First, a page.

Lageson, S. (2020). Digital punishment: Privacy, stigma, and the harms of data-driven criminal justice. Oxford University Press.
The proliferation of data-driven criminal justice operations creates millions of criminal records each year in the United States. Documenting everything from a police stop to a prison sentence, these records take on a digital life of their own as they are collected by law enforcement and courts, posted on government websites, re-posted on social media, online news and mugshot galleries, and bought and sold by data brokers. The result is “digital punishment,” where mere suspicion or a brush with the law can have lasting consequences.
In Digital Punishment, Sarah Esther Lageson unpacks criminal record keeping in the digital age, as busy and overburdened criminal justice agencies turned to technological solutions offered by IT companies over the last two decades. These operations produce a mountain of data, including the names, photographs, and home addresses of people arrested or charged with a crime, transforming millions of paper records into a digital commodity. Regardless of factual or legal guilt, these records rapidly multiply across the private sector background checking and personal data industries.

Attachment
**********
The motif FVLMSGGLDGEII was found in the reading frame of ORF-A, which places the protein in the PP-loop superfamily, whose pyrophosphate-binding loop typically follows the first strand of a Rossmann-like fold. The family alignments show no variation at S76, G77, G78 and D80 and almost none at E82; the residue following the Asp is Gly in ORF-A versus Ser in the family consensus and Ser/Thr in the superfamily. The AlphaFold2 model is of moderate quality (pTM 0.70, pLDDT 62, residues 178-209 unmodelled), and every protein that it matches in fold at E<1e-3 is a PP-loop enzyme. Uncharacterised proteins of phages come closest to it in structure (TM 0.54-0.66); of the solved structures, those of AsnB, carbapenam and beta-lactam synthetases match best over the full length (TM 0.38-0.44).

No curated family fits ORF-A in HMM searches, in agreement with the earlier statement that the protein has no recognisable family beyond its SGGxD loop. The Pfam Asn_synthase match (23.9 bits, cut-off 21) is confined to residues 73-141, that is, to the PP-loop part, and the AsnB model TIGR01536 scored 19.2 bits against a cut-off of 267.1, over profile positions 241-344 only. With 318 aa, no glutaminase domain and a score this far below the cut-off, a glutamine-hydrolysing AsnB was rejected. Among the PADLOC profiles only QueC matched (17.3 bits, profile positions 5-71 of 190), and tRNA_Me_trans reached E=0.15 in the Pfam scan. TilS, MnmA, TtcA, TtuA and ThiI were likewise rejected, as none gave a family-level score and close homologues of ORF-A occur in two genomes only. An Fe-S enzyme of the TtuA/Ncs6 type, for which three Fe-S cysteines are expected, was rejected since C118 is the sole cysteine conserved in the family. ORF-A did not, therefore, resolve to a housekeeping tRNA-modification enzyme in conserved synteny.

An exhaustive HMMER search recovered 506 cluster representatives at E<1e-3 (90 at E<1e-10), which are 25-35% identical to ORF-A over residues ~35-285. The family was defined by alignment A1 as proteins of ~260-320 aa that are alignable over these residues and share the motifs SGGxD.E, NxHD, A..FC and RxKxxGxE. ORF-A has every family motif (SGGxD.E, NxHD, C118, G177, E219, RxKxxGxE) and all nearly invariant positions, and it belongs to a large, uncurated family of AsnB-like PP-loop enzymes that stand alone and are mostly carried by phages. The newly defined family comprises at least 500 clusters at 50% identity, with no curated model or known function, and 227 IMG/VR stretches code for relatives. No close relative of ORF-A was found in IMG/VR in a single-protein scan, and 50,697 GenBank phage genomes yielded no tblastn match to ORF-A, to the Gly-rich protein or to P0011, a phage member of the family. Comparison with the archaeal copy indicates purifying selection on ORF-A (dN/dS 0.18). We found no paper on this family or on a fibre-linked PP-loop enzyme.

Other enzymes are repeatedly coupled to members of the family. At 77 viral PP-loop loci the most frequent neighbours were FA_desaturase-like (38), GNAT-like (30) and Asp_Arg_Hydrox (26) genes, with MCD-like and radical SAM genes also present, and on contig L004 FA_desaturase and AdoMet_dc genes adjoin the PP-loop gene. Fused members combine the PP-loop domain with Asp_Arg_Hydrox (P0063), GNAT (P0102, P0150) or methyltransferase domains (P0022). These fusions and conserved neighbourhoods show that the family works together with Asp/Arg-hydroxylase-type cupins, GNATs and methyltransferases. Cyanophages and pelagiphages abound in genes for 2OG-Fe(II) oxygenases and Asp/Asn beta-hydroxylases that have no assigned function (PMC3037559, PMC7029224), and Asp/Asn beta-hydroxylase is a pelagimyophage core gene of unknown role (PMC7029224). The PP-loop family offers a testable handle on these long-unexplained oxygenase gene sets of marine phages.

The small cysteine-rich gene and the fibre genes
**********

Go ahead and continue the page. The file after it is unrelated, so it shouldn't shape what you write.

Emboldened by public records laws designed for paper-based systems, criminal record data has become an extremely valuable resource for employers, landlords, and communities to monitor criminal behavior and assess other people. But while transparency laws were originally designed to allow governmental watch-dogging, digital punishment has redirected our gaze toward one another. Hundreds of interviews detailed in this book reveal the consequences of digital punishment, as people purposefully opt out of society to cope with privacy and due process violations. As criminal histories impact nearly every aspect of private and civic life, the collateral consequences of even the most minor records are much more than barriers to employment and housing. For the criminal record-holder, the messy entanglement of government bureaucracy is nothing compared to the jurisdiction-less haze of the internet.
Drawing on empirical data, interviews, and review of case law, this book powerfully demonstrates that addressing digital punishment will require a direct acknowledgement of privacy and dignity in the context of public accusation, and a reckoning of how rehabilitation can actually occur in a society that never forgets.